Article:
If I could get an explanation of why there wasn't some degree of retroactivity given here, given all of the harvesting activity and so on that we've had on the go…. Since there's a six-year allocation here, why wouldn't we have allowed this program to just take a look-see back as well as doing the work going forward?
Hon. R. Coleman: Mainly because retroactivity and tax law can sometimes be a bit difficult. You pass a piece of legislation, and then you show up at the door, I guess. But the retroactivity is built into the legislation so that if somebody was to…. Basically, after the legislation is passed and five years from now we chose to audit, we'd be able to go back the five years.
It was our choice, as we went through this, to try and start from a beginning point rather than trying to think that we could go retroactively with regards to this. We thought that would be somewhat problematic with our relationship with companies, industry and communities, whether it be a community forest licence, woodlot or whatever the case may be.
We think that people should adjust going forward. But to adjust going backward…. We just felt there was a sense of fairness that should be applied here — that we would take this legislation, since we're doing it, forward rather than go backward.
B. Simpson: On the "Officials" designation, section 142.11, the first statement is: "The revenue minister may designate a person by name or title as the commissioner." Will such a designation allow EDS to be designated as the commissioner for this program?
[ Page 3404 ]
Hon. R. Coleman: No. It's a person, not an organization.
B. Simpson: Section (2) states that "The commissioner may designate a person by name or title as a forest revenue official," but in (3), it stipulates that "The commissioner may delegate, with or without conditions, any of the commissioner's powers, functions or duties under this Part to a person or a class of persons."
So it's my understanding that a class of persons can be a corporate entity, not an individual. Therefore, could the commissioner designate all of his responsibilities to a company like EDS?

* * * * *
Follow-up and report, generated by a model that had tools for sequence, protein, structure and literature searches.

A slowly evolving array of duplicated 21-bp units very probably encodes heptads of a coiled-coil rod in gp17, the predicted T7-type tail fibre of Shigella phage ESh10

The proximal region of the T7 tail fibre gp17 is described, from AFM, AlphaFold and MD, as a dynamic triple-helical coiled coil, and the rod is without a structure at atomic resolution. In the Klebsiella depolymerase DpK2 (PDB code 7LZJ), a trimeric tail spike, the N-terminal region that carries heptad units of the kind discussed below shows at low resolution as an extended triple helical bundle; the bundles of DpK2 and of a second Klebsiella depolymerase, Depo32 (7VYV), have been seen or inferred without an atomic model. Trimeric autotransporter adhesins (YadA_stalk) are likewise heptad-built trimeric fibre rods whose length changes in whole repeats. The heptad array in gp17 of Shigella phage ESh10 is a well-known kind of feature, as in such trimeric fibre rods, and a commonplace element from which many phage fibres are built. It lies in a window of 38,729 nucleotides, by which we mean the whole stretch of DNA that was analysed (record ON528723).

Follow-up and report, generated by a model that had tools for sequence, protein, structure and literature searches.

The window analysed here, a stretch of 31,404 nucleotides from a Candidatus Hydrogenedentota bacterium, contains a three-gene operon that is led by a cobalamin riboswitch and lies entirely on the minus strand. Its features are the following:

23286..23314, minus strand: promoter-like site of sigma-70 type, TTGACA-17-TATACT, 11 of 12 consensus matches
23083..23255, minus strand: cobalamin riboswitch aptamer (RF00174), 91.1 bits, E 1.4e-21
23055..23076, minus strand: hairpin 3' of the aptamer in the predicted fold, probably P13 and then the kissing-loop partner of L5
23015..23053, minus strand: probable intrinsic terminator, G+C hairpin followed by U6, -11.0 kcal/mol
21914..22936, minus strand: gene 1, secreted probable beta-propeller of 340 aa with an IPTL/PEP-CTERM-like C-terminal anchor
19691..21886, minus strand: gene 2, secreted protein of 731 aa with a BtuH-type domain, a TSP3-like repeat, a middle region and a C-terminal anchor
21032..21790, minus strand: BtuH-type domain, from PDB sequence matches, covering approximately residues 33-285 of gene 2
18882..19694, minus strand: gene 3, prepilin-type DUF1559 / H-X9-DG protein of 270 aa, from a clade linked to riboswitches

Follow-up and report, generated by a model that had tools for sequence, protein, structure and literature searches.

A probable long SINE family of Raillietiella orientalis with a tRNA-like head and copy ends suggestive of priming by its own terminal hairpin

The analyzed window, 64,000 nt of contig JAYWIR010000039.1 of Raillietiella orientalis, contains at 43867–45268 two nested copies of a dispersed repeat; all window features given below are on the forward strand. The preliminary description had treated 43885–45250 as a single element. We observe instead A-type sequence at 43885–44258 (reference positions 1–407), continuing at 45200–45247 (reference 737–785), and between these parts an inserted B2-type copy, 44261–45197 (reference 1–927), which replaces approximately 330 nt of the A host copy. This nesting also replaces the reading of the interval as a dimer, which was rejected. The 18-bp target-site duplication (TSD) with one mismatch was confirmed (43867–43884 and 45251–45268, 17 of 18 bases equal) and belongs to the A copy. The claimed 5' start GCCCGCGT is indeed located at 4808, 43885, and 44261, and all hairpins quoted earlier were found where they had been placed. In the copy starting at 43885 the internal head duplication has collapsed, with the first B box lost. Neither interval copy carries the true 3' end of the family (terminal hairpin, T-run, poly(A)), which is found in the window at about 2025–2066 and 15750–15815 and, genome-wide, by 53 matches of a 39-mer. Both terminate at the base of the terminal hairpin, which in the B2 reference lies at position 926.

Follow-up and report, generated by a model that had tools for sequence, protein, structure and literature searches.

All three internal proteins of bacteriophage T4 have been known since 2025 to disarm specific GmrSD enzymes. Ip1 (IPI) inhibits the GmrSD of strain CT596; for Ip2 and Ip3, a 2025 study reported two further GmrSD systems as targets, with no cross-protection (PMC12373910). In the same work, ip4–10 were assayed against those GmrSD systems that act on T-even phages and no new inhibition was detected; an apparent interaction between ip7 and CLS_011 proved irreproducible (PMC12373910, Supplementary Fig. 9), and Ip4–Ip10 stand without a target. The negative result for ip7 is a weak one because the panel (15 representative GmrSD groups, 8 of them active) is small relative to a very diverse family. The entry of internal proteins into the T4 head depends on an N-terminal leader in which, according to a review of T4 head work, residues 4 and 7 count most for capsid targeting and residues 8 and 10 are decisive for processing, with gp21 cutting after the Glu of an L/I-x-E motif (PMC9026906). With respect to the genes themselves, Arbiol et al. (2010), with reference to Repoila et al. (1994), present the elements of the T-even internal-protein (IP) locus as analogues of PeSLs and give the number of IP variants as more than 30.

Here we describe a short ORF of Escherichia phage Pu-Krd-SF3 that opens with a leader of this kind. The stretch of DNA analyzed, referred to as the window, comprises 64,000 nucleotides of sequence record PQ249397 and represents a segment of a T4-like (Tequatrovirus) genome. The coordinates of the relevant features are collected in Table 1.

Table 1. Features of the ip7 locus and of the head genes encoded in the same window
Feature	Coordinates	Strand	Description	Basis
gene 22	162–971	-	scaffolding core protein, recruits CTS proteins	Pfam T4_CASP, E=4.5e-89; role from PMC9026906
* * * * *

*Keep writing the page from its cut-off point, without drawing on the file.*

Hon. R. Coleman: This is to be consistent with all other tax statutes. This designation does allow, theoretically, what the member describes as possible. It is not the intent of the legislation to do that. But tax law — all the sections in tax law, as I understand it — have this descriptor in it in British Columbia, or something similar to that.
B. Simpson: Just for clarification, through to the minister, with respect to his previous comment about his compatriot finding operational efficiencies, I want to just clarify this point one step further.
[S. Hawkins in the chair.]
Again, we have a change here which does not have an intent but has the ability to. That ability, if I understand it, is that a class of persons could be EDS. Is it conceivable that the delegation of this responsibility from the commissioner to a company like PricewaterhouseCoopers or EDS could be accomplished under this act? Because then what you do is you set up the ability of a de facto third-party collection agency, which again, the government has done in other circumstances. So I'm not talking about intent. I'm talking about possibility. Does that possibility exist by this definition?
Hon. R. Coleman: It is not the intention. What the member described is a theoretical possibility — right? It is not the intention of government to go there. That's all I can tell the member. In debates of legislation as we go forward, people will always try and find something that somebody might do some way down the road somewhere. We're not going to do that. That is not our intention.
If a future government chose to interpret the section and do something, I guess that would be up to a future government. This is really just to…. This delegation exists where we can designate a person as a commissioner, designate a person to be the official, designate a group of people or a class of persons — that could be all the auditors in the Ministry of Small Business and Revenue being a class of persons — to have the ability and powers to do that, like we would with a class of persons as peace officers or whatever the case. The descriptor the member uses is a theoretical possibility; it is not the intention of the legislation.
B. Simpson: I'm sure the people of British Columbia thought it was only theoretical when the government turned round and gave Accenture, EDS and Maximus functions — and various other third parties — because of a change in legislation that allowed a theoretical circumstance to exist that the government then acted on and actually made come into existence. So I think the question is valid, and it is my understanding that the minister has answered it: that yes, at some point, we could potentially see a third-party agency become the collector of record for this program within the forest sector.
Moving on to section 142.51: "Assessment of estimated stumpage and interest." It states: "If it appears to the commissioner, from an inspection or audit of any records from other information available, that one or more of the following has occurred…." I'm curious how the commissioner would be able to determine, under part (a), whether or not some of the Crown timber was not scaled or inaccurately scaled or not reported in the scale. What is the commissioner's capacity from the records to make a determination that something didn't happen?